Highs & lows of immigrant education

New study suggests Canadian immigrant children underperforming in math and science

Shaljan Areepattamannil, Faculty of Education PhD candidate, says he thinks the public school system should cater to the needs of immigrant students.
Shaljan Areepattamannil, Faculty of Education PhD candidate, says he thinks the public school system should cater to the needs of immigrant students.
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A new Queen’s study finds that first-generation immigrant children perform well below average in math and science.

The study, completed by Faculty of Education PhD candidate Shaljan Areepattamannil, examined the academic results of 2,636 13-year-old, first-generation immigrant students from British Columbia, Ontario and Quebec.

Areepattamannil said the results show first-generation immigrant students may be struggling within Canadian school systems.

The students who participated in the study were primarily from countries in Asia, such as India and China, where instruction is often based on rote memorization unlike in Canada, he said.

“They aren’t properly integrated into schools,” he said. “They’re new to Canada and there are problems with their English language proficiency.” Areepattamannil said he thinks the large number of immigrant students in Canadian schools makes it crucial for educators to learn about this trend and do everything they can to change it.

“Three out of five kids are immigrants in Canadian [elementary and high] schools,” he said, adding that he thinks the public school system should cater to the needs of immigrant students.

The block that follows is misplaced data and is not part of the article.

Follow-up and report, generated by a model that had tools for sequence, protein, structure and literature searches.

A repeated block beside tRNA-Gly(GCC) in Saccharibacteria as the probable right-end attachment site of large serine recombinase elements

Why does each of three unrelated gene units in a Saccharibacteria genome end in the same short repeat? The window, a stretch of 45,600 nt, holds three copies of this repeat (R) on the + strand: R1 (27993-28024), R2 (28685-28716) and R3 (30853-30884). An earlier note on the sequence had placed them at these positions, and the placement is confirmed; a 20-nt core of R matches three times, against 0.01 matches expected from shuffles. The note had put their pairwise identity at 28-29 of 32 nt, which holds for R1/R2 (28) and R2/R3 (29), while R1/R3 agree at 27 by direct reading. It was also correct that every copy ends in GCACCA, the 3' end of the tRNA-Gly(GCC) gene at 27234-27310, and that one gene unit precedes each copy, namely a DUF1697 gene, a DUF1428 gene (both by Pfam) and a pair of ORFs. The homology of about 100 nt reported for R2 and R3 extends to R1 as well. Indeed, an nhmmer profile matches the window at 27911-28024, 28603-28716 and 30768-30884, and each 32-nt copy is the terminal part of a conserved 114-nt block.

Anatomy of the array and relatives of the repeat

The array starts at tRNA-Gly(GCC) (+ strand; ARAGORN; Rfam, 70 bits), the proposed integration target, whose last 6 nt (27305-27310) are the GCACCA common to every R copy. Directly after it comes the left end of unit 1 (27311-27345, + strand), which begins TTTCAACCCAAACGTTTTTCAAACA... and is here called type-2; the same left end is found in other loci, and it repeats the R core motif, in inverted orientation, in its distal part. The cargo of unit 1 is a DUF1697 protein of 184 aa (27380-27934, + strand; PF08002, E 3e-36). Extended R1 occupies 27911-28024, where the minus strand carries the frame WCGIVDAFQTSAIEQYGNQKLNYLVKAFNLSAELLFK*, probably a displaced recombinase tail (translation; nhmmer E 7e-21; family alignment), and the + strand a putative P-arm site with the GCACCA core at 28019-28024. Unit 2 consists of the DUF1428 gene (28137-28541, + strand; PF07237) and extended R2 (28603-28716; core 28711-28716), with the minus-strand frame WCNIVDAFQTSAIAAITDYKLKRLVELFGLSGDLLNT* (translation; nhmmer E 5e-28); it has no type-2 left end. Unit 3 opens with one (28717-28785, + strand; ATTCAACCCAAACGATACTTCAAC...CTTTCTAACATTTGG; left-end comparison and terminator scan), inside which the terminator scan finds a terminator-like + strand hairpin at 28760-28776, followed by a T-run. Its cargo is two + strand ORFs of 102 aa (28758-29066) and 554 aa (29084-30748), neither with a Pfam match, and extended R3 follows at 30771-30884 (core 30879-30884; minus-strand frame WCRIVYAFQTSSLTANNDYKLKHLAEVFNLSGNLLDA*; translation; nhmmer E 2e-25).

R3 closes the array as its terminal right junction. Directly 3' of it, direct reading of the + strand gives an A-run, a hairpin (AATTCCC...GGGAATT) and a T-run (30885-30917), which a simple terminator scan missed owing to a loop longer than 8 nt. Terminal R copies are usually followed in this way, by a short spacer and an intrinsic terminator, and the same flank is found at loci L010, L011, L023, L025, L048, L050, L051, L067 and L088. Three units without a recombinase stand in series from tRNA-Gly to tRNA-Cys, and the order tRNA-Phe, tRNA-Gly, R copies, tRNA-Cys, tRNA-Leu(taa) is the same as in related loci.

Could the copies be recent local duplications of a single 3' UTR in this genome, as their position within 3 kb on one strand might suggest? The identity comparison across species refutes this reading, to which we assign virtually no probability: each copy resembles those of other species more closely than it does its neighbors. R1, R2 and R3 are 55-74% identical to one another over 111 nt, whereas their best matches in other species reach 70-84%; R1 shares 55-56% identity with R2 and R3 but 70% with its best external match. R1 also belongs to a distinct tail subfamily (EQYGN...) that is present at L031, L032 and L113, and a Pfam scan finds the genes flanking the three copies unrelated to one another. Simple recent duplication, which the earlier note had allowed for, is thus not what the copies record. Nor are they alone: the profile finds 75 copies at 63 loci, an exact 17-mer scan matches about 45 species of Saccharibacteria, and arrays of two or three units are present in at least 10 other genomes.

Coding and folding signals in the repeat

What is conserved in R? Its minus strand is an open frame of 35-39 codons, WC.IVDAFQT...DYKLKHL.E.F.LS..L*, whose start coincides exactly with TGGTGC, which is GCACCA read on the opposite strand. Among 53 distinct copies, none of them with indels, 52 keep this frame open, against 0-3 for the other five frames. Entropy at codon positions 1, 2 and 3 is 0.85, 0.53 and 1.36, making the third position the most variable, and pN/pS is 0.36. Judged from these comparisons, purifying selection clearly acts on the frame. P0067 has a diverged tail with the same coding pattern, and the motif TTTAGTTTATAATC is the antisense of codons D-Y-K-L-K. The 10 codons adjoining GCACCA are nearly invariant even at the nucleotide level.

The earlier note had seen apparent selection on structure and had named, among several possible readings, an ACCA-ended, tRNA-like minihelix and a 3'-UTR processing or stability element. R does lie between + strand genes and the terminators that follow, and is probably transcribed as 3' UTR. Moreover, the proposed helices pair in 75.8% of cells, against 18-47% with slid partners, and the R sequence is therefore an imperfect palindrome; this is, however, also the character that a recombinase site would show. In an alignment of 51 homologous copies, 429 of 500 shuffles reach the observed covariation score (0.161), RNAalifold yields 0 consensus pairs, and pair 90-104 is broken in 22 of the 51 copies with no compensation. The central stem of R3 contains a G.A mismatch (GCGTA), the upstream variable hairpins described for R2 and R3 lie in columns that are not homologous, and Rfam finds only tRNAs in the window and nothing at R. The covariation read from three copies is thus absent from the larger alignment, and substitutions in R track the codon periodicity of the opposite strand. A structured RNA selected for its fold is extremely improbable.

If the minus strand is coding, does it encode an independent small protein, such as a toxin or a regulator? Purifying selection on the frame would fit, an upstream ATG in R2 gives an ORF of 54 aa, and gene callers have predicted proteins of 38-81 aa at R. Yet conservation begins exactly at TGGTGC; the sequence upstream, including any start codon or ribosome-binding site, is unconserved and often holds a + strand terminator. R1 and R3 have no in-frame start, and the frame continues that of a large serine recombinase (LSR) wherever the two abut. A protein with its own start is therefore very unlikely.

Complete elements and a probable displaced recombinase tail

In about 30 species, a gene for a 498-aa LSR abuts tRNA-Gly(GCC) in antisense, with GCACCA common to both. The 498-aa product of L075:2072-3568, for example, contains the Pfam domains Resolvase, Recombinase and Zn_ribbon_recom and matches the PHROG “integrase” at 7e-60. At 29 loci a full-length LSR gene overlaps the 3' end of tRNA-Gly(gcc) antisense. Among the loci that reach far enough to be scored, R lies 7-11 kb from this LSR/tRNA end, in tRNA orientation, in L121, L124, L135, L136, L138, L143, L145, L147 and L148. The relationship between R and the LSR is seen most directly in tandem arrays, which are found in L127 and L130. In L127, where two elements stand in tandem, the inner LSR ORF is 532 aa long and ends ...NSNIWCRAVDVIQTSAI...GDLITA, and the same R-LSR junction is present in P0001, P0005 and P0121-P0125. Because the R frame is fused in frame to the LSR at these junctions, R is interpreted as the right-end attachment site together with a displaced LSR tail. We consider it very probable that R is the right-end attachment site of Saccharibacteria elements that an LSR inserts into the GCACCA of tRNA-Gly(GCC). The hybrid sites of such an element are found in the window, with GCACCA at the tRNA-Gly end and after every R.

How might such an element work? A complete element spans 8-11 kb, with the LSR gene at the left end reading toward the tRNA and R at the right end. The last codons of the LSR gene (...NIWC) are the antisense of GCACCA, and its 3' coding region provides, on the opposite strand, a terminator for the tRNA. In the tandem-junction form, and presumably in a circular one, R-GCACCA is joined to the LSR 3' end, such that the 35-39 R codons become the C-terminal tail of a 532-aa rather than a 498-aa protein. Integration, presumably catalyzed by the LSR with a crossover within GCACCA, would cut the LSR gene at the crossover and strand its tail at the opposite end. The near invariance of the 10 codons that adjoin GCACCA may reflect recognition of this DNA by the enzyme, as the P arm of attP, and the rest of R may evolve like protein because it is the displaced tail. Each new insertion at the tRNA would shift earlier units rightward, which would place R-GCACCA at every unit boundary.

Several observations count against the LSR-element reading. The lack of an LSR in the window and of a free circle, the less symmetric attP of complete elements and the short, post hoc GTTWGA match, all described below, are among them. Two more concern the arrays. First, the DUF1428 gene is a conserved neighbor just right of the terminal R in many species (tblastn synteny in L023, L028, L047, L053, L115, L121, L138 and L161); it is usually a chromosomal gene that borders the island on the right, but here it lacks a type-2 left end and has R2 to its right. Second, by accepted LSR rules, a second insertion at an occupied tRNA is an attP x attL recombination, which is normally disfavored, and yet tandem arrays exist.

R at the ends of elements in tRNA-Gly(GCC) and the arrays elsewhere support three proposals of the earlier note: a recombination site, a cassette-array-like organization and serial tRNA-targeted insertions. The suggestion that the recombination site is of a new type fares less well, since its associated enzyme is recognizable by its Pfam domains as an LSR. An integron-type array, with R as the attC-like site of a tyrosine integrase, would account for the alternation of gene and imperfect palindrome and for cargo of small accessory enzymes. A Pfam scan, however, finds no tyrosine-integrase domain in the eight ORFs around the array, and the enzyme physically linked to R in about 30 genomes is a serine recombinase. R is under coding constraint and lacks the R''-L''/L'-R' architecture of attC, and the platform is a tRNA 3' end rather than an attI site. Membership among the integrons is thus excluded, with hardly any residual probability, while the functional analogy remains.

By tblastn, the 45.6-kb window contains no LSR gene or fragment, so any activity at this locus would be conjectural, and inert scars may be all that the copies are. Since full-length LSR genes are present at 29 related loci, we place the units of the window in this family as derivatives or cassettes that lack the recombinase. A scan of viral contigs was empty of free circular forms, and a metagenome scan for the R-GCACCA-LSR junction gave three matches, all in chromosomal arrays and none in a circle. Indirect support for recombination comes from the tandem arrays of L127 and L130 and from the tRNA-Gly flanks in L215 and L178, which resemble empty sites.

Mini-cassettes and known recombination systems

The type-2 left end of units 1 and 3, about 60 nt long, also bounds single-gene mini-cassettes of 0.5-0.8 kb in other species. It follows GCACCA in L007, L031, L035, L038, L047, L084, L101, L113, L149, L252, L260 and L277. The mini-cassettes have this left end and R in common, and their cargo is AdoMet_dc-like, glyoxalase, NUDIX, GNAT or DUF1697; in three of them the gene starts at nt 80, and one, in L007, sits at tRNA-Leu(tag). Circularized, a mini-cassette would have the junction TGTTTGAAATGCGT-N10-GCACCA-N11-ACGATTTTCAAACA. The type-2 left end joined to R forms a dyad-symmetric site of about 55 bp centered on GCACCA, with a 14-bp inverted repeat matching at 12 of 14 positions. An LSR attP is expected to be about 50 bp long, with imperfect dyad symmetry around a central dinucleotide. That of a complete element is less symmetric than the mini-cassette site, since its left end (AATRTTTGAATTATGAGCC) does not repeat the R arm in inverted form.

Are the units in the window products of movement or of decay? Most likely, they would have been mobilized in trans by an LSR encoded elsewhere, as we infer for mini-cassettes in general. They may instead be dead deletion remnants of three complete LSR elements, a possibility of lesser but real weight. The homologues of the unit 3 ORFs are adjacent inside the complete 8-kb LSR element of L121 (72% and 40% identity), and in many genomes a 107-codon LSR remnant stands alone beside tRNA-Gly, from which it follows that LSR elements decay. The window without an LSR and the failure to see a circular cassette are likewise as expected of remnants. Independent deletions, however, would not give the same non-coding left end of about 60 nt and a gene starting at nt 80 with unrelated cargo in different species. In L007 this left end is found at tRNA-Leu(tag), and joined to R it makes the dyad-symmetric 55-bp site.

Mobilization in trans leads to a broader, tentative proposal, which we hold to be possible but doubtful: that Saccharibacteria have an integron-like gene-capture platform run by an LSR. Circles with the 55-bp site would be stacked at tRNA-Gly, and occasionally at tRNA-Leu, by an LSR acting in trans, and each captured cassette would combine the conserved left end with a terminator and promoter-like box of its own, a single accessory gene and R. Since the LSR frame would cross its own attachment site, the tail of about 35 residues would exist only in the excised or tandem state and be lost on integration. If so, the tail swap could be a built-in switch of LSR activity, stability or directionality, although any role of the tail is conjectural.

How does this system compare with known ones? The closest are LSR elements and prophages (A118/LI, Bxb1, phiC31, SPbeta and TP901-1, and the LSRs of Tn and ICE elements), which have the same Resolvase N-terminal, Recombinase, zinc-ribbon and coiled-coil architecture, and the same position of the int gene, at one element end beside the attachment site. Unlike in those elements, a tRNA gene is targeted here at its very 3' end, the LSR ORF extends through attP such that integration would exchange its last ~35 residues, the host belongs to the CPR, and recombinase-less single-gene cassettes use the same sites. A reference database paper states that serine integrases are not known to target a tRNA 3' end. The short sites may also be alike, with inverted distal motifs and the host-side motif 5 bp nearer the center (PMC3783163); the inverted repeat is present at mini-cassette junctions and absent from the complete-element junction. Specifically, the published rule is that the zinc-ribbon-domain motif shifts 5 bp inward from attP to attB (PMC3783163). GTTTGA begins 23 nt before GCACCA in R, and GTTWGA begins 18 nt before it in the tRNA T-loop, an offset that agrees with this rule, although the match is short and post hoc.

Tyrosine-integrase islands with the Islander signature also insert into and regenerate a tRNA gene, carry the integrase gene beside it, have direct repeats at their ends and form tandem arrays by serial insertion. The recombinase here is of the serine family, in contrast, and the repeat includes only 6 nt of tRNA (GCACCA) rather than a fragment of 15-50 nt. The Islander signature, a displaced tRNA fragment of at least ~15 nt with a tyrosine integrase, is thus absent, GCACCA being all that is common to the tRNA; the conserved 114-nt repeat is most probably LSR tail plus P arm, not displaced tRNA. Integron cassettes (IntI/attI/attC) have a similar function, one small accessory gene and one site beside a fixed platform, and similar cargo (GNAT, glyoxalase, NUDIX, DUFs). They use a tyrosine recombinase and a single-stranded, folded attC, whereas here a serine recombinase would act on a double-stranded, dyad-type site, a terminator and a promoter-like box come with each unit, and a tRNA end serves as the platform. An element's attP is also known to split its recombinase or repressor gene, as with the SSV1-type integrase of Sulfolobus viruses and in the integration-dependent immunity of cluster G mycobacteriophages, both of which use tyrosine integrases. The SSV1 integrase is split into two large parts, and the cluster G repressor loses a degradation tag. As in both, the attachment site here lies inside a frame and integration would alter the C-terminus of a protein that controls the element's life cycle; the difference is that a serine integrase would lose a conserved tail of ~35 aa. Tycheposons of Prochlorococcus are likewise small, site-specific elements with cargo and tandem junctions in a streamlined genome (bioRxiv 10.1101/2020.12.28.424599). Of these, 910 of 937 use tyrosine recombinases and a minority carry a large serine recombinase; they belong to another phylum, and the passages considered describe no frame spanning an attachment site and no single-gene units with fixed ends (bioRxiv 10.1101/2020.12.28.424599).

“First and foremost, there should be a complete overhaul of the curriculum … to take into consideration the importance of culturally-responsive instruction,” he said.

Students who participated in the study come from more than 190 countries, speaking a total of more than 90 different languages, Areepattamannil said.

The study’s results contradict those obtained by a similar study run by the Organisation for Economic Co-operation and Development (OECD) in 2003.

The OECD study, called Where Immigrant Students Succeed: A Comparative Review of Performance and Engagement in PISA 2003, said first-generation immigrant students and first-generation Canadians in the country were performing well in school based on their scores for the Trends in International Mathematics and Science Study (TIMSS).

In the OECD study, students’ performance on math assessments averaged more than 500 points.

Areepattamannil analysed the results of immigrant students who took part in the 2007 TIMSS.

The data showed that those students’ science and mathematics results were substantially below the TIMSS 500 point average.

The TIMSS assessment in 2007 was only administered in three Canadian provinces, he said.

He’s submitted a proposal to conduct a postdoctoral study about the academic motivations and achievement of immigrant adolescents.

Pending review with the Canadian Journal of School of Psychology, Areepattamannil said he plans to extend his study across Canada.

Areepattamannil said he had personal motivations for conducting the study.

“I, myself, am a landed immigrant from India,” he said, adding that he came to Canada in 2004. “I have a son who is a first-generation immigrant student in Grade 8, so I’ve always been wondering what would be happening to students who are newcomers to Canada.”

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